Kenya’s economy grew by 5.6pc in nine months to September 2022

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  • The economy recorded an average growth of 5.6 percent in the period between January to September 2022 
  • The Country’s Q3’ 2022 Gross Domestic Product (GDP) hit 4.7 percent. 
  • The growth was largely driven by the non-agricultural sectors

The Kenyan economy recorded an average growth of 5.6 percent in the period between January to September 2022 according to the latest report by Cytonn Investments. 

The annual markets report indicates that the country’s third quarter Q3 Gross Domestic Product (GDP) hit 4.7 percent, adding to the 5.2 percent and 6.8 percent growth recorded in Q2 and Q1 respectively. 

The average GDP growth of 5.6 percent marked a decline from the 7.7 percent average growth recorded in a similar period in 2021. 

“The growth in Q3 was largely driven by the non-agricultural sectors, with accommodation and food, wholesale and retail trade, professional administrative and support, and finance and insurance sectors recording growths of 22.9 percent, 9.1 percent, 8.7 percent, and 5.3 percent, respectively,” the report states. 

As the reports states, the growths in these sectors were supported by continued post COVID-19 economy recovery due to lifting of travel restrictions and ease in cross border transactions. 

“However, the sectoral growths remained subdued due to uncertainties of the electioneering period and the adverse macroeconomic conditions in the country. Notably, the agricultural sector recorded a 0.6 percent contraction in Q3, compared to a corresponding expansion of 0.6 percent growth in Q3 2021 but an improvement from preceding contractions of 2.1 percent and 0.7 percent recorded in Q2 2022 and Q1, respectively,” the report explains.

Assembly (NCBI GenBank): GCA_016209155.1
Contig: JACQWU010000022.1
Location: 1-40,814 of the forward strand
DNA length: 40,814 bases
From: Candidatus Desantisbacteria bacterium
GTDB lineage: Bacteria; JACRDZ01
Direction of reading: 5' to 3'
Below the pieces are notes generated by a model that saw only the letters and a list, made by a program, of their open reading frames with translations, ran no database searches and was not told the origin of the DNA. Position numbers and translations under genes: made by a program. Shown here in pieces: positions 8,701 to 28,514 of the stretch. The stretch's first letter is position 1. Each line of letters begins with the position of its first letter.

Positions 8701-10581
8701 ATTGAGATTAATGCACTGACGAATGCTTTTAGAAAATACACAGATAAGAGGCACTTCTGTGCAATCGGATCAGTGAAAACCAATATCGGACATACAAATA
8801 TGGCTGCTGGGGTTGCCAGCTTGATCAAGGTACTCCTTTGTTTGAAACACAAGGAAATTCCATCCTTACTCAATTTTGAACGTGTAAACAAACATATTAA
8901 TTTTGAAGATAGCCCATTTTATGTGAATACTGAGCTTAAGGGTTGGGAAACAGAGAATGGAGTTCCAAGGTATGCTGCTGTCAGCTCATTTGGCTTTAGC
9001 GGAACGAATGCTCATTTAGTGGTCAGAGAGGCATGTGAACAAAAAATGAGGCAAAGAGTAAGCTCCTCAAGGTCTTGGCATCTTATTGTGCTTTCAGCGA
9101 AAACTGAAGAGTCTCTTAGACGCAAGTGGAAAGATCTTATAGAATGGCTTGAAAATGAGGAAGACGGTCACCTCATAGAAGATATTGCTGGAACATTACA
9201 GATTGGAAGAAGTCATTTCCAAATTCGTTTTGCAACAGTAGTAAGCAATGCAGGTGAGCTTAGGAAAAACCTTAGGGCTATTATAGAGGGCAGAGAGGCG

The contraction during the quarters is mainly attributable to unfavorable weather conditions witnessed during the period, as well as increased costs of agricultural inputs such as fertilizer. 

In 2022, the Kenyan economy is projected to grow at an average of 5.1 percent, lower than the 7.5 percent growth recorded in 2021.

The report blames the slower growth to a deteriorated business environment for majority of the year brought about by the uncertainties preceding the August 2022 general elections and elevated inflationary pressures driven by the high global fuel prices and the pre-existing supply chain constraints worsened by the Russia-Ukraine conflict. 

“Notably, the unfavorable weather conditions experienced during the period under review has subdued agricultural production, with the sector being the largest contributor to Kenya’s GDP,” the report explains. 

How Kenya’s economy performed in first half of 2022

Sub-Saharan Africa Region Review 

Kenya is ahead of its peers in Sub-Saharan Africa (SSA), as the region’s economic growth is projected to hit 3.3 percent in 2022 according to the World Bank, lower than the International Monetary Fund  projections of 3.6 percent. 

The projected region’s growth was revised downwards from the initial growth forecast of 3.6 percent  and 3.8 percent  in April 2022 by the World Bank and the IMF, respectively. 

The lenders attribute the decline in the region’s economic growth to elevated inflationary pressures emanating from the spill over effects of the Russian Invasion to Ukraine which have led to increased fuel and food prices in the global markets given that majority of the SSA countries are net importers, coupled with adverse weather conditions that have undermined agricultural productivity in the region,

Pre-existing supply chain constraints have been worsened by disruptions arising from increasing lock downs to curb the spread of COVID-19 in China which is the region’s largest trading partner. 

Moreover, rising risk of debt distress in the region is expected to weigh down on the region’s growth, and notably, countries like Ghana and Zambia have initiated forms of public debt restructuring during the year due to unsustainable debt levels,

Hiked interest rates in advanced economies such as the United States of America (USA) has also increased capital outflows in the region further fueling the economic decline in the SSA.

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